The developers also don’t exclude a probability of resistance from miners, some of whom may be dissatisfied with the decline in already small incomes. This is evidenced by the relatively small support among the mining pools: Only 35 percent of them supported the upcoming update of the algorithm 一 though Ethermine votes made up 36.5 percent and Sparkpool 27.6 percent of the total number of votes.
Ethermine is the largest Ethereum network pool, which controls 27 percent of its entire hashrate. It is not known how the voices are distributed within the pools, but it can be assumed that the users are divided approximately equally. Thus, for each person who loses revenue as a result of ProgPoW, there is one who may benefit from other miners leaving the network.
Ethereum users have reacted differently to the new algorithm, with some of them being concerned about the possible drop in revenues and others doubting whether this step will be efficient. Martin Koppelmann, CEO and co-founder of Gnosis, thinks that such a radical update should be implemented only if it’s really necessary:
I am against a #progPOW hardfork.— Martin Köppelmann (@koeppelmann) January 6, 2019
To me there are only two legitimate reasons to hard fork Ethereum.
1) Address an existential threat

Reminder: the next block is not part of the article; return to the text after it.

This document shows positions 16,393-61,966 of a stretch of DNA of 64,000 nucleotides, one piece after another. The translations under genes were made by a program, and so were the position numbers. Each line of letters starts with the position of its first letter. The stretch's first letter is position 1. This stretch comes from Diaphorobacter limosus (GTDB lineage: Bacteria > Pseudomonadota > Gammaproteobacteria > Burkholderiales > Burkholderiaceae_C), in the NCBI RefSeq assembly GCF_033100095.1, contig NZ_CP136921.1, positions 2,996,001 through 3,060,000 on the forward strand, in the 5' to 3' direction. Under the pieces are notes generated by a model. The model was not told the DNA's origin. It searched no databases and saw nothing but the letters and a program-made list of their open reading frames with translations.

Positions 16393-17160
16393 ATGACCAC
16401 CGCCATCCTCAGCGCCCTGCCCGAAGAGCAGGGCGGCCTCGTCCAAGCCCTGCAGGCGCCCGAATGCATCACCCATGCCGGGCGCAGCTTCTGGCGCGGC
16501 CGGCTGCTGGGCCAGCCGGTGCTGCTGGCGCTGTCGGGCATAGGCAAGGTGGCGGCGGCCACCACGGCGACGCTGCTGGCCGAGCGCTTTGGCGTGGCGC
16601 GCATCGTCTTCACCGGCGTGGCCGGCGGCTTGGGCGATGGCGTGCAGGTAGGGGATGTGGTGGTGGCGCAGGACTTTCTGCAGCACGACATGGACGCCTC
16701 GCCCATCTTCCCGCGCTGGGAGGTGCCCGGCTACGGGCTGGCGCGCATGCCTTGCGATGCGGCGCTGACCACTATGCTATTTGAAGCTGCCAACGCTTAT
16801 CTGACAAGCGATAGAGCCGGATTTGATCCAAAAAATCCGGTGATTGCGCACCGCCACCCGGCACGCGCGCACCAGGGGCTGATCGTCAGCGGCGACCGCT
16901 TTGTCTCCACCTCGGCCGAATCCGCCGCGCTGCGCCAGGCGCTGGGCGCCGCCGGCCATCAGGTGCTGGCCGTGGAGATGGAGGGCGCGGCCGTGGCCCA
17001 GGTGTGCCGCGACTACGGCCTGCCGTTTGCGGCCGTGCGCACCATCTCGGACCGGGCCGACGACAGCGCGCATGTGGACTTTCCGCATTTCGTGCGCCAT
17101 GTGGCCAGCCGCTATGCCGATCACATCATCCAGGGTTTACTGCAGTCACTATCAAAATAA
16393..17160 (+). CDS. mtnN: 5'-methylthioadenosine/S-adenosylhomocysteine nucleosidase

2) Bring Ethereum one step closer to a long term sustainable stable state#progPOW is tinkering in favour of one group (GPU miners) vs another.
Jorge Izquierdo, co-founder of Aragon, agreed that ProgPoW is not the number one task for the development of the Ethereum network:
Is anyone really considering changing the POW algorithm of Eth 1.0 now?— Jorge Izquierdo 🦅 (@izqui9) January 7, 2019
I'm not interested in debating whether it is a good idea, just the fact that it shouldn't be a priority at all for Ethereum in 2019. Let's put all our energy towards POS pls. https://t.co/Pk1hPs0zTv
Some experts and users believe that the solution of making ASIC mining unprofitable may lead to more dramatic consequences than the reduction of miners.
For example, Eric Conner, developer of Ethhub.io, suggests that ProgPoW could lead to a chain split:
If ProgPoW causes a chain split, which is worse?— Eric Conner (@econoar) January 5, 2019
1. ASIC use on the Ethereum network.
2. Brand dilution of the Ethereum name via a chain split? https://t.co/HZXFPK2z8m
Another opposing point of view refers to using GPUs in countries with expensive electricity:
Still not a fan of ProgPoW, it's not good to run GPU's at this high power usages for countries with higher electricity costs than 0.20$/kwh, it might eliminate whole Europe this way amd gets kinda centralized in USA, Iceland and Chinese farms due to low power costs— BuriedONE (@BuriedOne) March 2, 2019